When it comes to children’s birthday parties, there are Pinterest-type parents. You know, the moms (and, I’m guessing, a minority of dads) who colour-coordinate the tablecloths and napkins, create—and stick to—a theme (Makeover madness! Underwater extravaganza! Let’s go crazy about bugs!), and concoct fabulous, multi-tiered cakes in the shape of Minecraft fortresses, complete with lava-spewing zombies.
And then there’s me.
A confession: Birthday parties stress me out. Even the mere idea of planning the perfect (or even adequate) child’s birthday party exhausts me, and that’s well before half a dozen seven-, eight- or nine-year-olds descend upon my house for three hours. There’s the settling on the date, negotiating the ever-changing guest list with my kids, sending out invitations (and hoping to actually hear back from majority of the guests), not to mention food, decorations, entertainment and loot bags. (Actually, I long ago gave up on loot bags—I figure that no kid leaving a birthday party needs an extra bag of sugar and plastic to take home, and no parent of a kid leaving a birthday party needs an extra bag of sugar and plastic at their house.) I would so much rather throw money at an indoor play place or bowling alley or movie theatre and have them take care of everything—so that’s what I have done for many years.
But this year, something inside me shifted when it came to my now eight-year-old’s birthday celebrations. Partly it’s the fact that he’s a June baby, which opens up the possibility of an outdoor shindig. Partly it was money: I just couldn’t get excited about coughing up $200 for a trampoline park or video arcade to feed and entertain a bunch of kids who would be just as happy to run around and eat cake in my backyard.
More to the point, though, something in me wanted to take on the challenge. I didn’t care about colour-coordinated napkins, but I had an urge to create a low-tech, fun and memorable afternoon for Isaac and his buddies. I wanted to send them on an adventure, get them working as a team and build community. In short, I wanted to send them on a neighbourhood-wide treasure hunt.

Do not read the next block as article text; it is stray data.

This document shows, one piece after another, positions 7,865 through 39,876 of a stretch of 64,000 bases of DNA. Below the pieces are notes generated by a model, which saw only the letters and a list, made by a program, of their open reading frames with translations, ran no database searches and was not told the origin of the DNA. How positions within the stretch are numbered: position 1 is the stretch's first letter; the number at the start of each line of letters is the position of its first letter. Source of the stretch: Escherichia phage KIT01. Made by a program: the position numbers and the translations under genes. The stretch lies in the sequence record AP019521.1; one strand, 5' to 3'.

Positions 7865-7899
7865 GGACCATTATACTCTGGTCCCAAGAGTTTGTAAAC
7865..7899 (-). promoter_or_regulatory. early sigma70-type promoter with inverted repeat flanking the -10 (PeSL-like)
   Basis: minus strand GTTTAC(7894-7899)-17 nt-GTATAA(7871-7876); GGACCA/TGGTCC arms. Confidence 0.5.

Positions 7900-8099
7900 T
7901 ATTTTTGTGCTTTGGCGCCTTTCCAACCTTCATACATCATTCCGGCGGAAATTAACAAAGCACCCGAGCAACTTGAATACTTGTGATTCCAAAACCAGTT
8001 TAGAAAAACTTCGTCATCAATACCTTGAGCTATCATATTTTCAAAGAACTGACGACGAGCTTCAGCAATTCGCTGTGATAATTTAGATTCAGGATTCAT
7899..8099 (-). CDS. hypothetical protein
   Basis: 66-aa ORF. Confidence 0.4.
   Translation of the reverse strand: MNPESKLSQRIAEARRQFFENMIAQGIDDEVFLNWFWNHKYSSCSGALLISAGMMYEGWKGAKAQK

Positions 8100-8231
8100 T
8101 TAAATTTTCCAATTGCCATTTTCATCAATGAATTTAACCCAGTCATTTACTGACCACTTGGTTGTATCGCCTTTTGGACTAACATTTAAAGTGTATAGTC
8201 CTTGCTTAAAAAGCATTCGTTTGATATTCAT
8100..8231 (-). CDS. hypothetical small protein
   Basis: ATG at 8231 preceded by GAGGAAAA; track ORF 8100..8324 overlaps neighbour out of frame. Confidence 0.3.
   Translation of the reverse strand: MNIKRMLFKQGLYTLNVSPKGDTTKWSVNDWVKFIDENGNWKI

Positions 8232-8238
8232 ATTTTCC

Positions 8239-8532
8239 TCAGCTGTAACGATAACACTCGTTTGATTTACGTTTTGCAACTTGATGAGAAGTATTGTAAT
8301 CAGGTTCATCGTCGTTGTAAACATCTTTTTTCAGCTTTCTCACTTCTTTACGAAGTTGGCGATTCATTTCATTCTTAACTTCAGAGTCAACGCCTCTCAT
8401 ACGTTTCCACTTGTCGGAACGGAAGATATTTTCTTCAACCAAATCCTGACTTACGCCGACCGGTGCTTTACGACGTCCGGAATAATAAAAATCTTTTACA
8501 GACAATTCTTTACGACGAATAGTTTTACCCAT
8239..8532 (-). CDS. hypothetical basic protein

And I did.
Let me be very clear: I was well aware that taking on this project was not going to make my life any easier. Planning and executing the hunt would involve a fair amount of time, creativity and negotiation. And while part of me cringed at the amount of work it would involve, a much larger part of me got excited at the possibilities. Where could I hide clues? What would be the best route through the neighbourhood? I pictured the excitement of a bunch of eight-year-old boys finding their next hidden envelope, decoding their clue and taking off…and I got to work. Bring it, Pinterest.
I figured out 10 locations that the kids could walk (or run) to in 10 minutes or less. These included the school, the houses of birthday guests who lived within range, a local park (with historic cannons—perfect for hiding clues), neighbours’ homes and the Little Free Library on our street. I got permission and buy-in from various parents and neighbours involved. I spent about an hour thinking up goofy poems and anagrams for each clue, printed them off, numbered them and sealed them in envelopes. The morning of the party, I drove the route with packing tape and scissors, securing envelopes (sometimes with juice boxes or candy or other treats) in their spots.
I got even more excited. What kid wouldn’t love this?
Um, my kid. “I don’t want a treasure hunt,” said Isaac, about an hour before the party began. It was grey and drizzling outside. “Who wants to go out in this kind of weather?” (Fortunately, I had thought ahead enough to seal all the clues in plastic bags. And I’d asked the parents to send along rain gear and a change of clothes.)
I inhaled and exhaled deeply a few times and then did my best to ignore him. I figured that once the kids showed up, he’d get caught up in the excitement.
The kids showed up. With their presents—including four Nerf guns. Four. It occurred to me that getting them all out of the house for a good hour of running was now even more of a great idea. I handed them the first envelope and…they got caught up in the excitement. Within seconds they were off and running and shrieking and reading and thrilled.
As was I. In the midst of the chaos, running after the faster kids, encouraging the slower ones to keep up, dealing with the dog who decided to join us for part of the hunt and making sure that everyone crossed the street safely, I realized that I was grinning. There’s something fantastic—and contagious—about the excitement of children on a quest, something energizing about racing with kids through their own neighbourhood, watching them taking ownership of their community. And, frankly, I was pretty damn happy to be outside and running with them, and not trapped in some loud, dark and germ-filled indoor play place.
The boys returned home, sweaty and exuberant, about an hour later to find a piñata set up in the backyard—their final reward. They hacked away at that, rounded up their candy booty, whaled on each other with Nerf guns for a while, and then ate hot dogs and chips and fruit and a carrot stick or two, not a colour-coordinated napkin in sight.
And I don’t mean to brag, but the homemade ice cream cake I made was pretty fantastic too.
Thunder Bay, Ont., writer Susan Goldberg is a transplanted Torontonian and one of two mothers to two boys. Follow along as she shares her family’s experiences. Tweet her @MamaNonGrata.